Easily the most surprisingly fascinating aspect of Didier Drogba’s sensational return to Chelsea is just how sharply it has divided the club’s fan base, between those overcome with emotion and excitement at having ‘The Drog’ return home, and those rather more unsentimental buggers, fraught with concern over the rationale and implications of his signing. The following is a fictional debate between two Chelsea supporters. I think it nicely summarises the dichotomy in the club’s following this deal has created….

 

Fan A: Isn’t it great? The legend has returned! The king has come home! The most fantastic, iconic player in the history of Chelsea Football club is back for his encore. I can hardly wait.

Fan B: I’m not sure. He’s obviously not the player he was. Even before he left the first time, he wasn’t the player he was. And why ruin the perfect ending to a club career?

A: What? How can you not be excited? And how can it not be a good thing having him back in the dressing room? That winning mentality he brings along with all that experience of big games and winning trophies for the club, he’ll bring up everyone around him.

B: But for the first time since he left, we were now finally in a position where we looked set to win things in a post-Drogba era, this could’ve/should’ve been the season where other young players at the club stepped up and sourced that ‘winning mentality’, themselves.

A: But he’ll hardly be a part of the first team, there’s no chance that he’s arriving at the club this time around expecting to be the main man, or the leader on the pitch. Plus, what an inspiration to the younger players to have a legend like Drogba in training every day!

B: Well, given I doubt that we’ll start the season with four strikers at the club, and let’s be honest, Fernando Torres is going nowhere on his wages, I don’t see how ‘inspiring’ it will be to Romelu Lukaku to have his place in the squad taken.

A: Lukaku was probably not going to be a part of the squad anyway. Jose clearly doesn’t fancy him as a player and I’m not surprised he doesn’t like his attitude either, he’s got a big mouth, and he should learn some humility. Drogba has an affinity and a love for the club that Lukaku clearly doesn’t – he’ll be far more of an asset.

B: Of course, heaven forbid that a young player should articulate some confidence or express an unwillingness to be a reserve. No matter how much of an asset Drogba proves to be, in one year he’ll be gone and Lukaku, having completed another loan spell, will be an even better striker, even more estranged from the club and even closer to the end of his contract i.e. less saleable. And who’s to say the hole in the squad Drogba left the first time around won’t be there again – it was hard enough getting over him once.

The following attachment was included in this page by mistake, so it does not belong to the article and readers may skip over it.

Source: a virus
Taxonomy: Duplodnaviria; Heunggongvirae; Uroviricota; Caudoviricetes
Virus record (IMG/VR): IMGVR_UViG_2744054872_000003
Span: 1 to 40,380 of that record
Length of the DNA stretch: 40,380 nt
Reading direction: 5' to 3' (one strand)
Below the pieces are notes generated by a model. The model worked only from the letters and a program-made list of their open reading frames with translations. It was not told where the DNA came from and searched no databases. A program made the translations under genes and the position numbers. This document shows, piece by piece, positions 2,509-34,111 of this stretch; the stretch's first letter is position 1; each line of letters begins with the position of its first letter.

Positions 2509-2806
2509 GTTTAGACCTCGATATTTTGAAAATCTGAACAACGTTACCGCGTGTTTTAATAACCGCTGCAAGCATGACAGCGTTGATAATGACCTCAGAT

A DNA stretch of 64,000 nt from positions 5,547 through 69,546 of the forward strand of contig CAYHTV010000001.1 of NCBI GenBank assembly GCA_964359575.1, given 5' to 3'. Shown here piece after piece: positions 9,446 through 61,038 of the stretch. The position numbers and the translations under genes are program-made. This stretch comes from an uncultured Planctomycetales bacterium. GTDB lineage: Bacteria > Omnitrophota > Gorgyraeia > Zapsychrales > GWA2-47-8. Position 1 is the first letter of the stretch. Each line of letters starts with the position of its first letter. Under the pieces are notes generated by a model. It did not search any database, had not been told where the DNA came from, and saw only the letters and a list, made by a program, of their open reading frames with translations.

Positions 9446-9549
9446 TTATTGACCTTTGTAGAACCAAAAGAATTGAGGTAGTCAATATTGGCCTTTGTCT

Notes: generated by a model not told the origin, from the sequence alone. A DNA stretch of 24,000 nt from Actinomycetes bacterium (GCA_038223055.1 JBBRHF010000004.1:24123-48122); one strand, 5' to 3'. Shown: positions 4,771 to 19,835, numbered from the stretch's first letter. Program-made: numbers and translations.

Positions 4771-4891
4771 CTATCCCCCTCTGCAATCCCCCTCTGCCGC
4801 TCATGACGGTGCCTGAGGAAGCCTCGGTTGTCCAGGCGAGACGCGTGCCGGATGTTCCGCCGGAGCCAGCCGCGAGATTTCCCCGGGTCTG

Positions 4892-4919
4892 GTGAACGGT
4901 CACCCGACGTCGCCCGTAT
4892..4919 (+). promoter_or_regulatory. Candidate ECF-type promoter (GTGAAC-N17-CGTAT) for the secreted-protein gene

A: I don’t see any reason to think Jose’s work with this new group of players should be interrupted by Drogba’s return, only augmented. The man embodies the kind of indomitable spirit he must be trying to inspire among this new generation. A lot of the current players never got to work him – they would do well to watch and learn

B: If we’re to move forward we can’t constantly stay in the past with players trying to imitate the previous generation of stars at the club. Legends like Drogba and Lampard and Cole aren’t manufactured through emulation – they’re born through necessity.

A: But even the best players have their heroes. Drogba’s achievements with Chelsea turned us into the club which the likes of Oscar, Hazard and Costa were desperate to join.

B: But these guys should be aiming to be a better side than the one Drogba was a part of. We’re a bigger club now than we were when Drogba was in his prime, we have a better squad and more top class talent, and if these players aren’t motivated enough already to achieve that, then I don’t know what difference one returning player can make.

A: Regardless, what a player to bring on in big games, on European nights and obviously, against the Arsenal. He might have lost a bit of strength and speed but as Jose said, we wouldn’t have bought him back if he didn’t still have the quality and the character to deliver on the big stage.

B: Granted he could still be a useful squad player but it sounds to me like some fans are delusional as to how good he still his. You won’t convince me a youthful, powerful and motivated young player like Lukaku wouldn’t be a more useful option to have on the bench.

A: Well I think you’re joyless, unromantic cynic with no appreciation of history or tradition. When Drogba comes off the bench to score the winner against Arsenal and you’re jumping for joy, you’ll be feeling pretty stupid.

B: If I cared about history I’d go and support Liverpool – what I care about is the future of this team. Even if we win the league this season, until Lukaku has finally returned and the team have seamlessly moved on from Drogba’s second departure, I remain unconvinced that this was a smart signing.

 

In my opinion, both men make excellent cases. I think it’s possible the emotion of the player’s return might be preventing some genuine concerns from being seriously considered, Let me know in the comment section which side of the argument you’re on – is this a inspired addition to the squad or a step in the wrong direction?

@MatthewClark46

What am I? A highly evolved male primate from England. A 21 year old accounting graduate. A lover of classic literature and European football. Keen blogger and essayist. Wannabe polemicist. Leftist. Humanist. Atheist. Scorpio. Always up for a debate. Gravatar: Christopher Hitchens/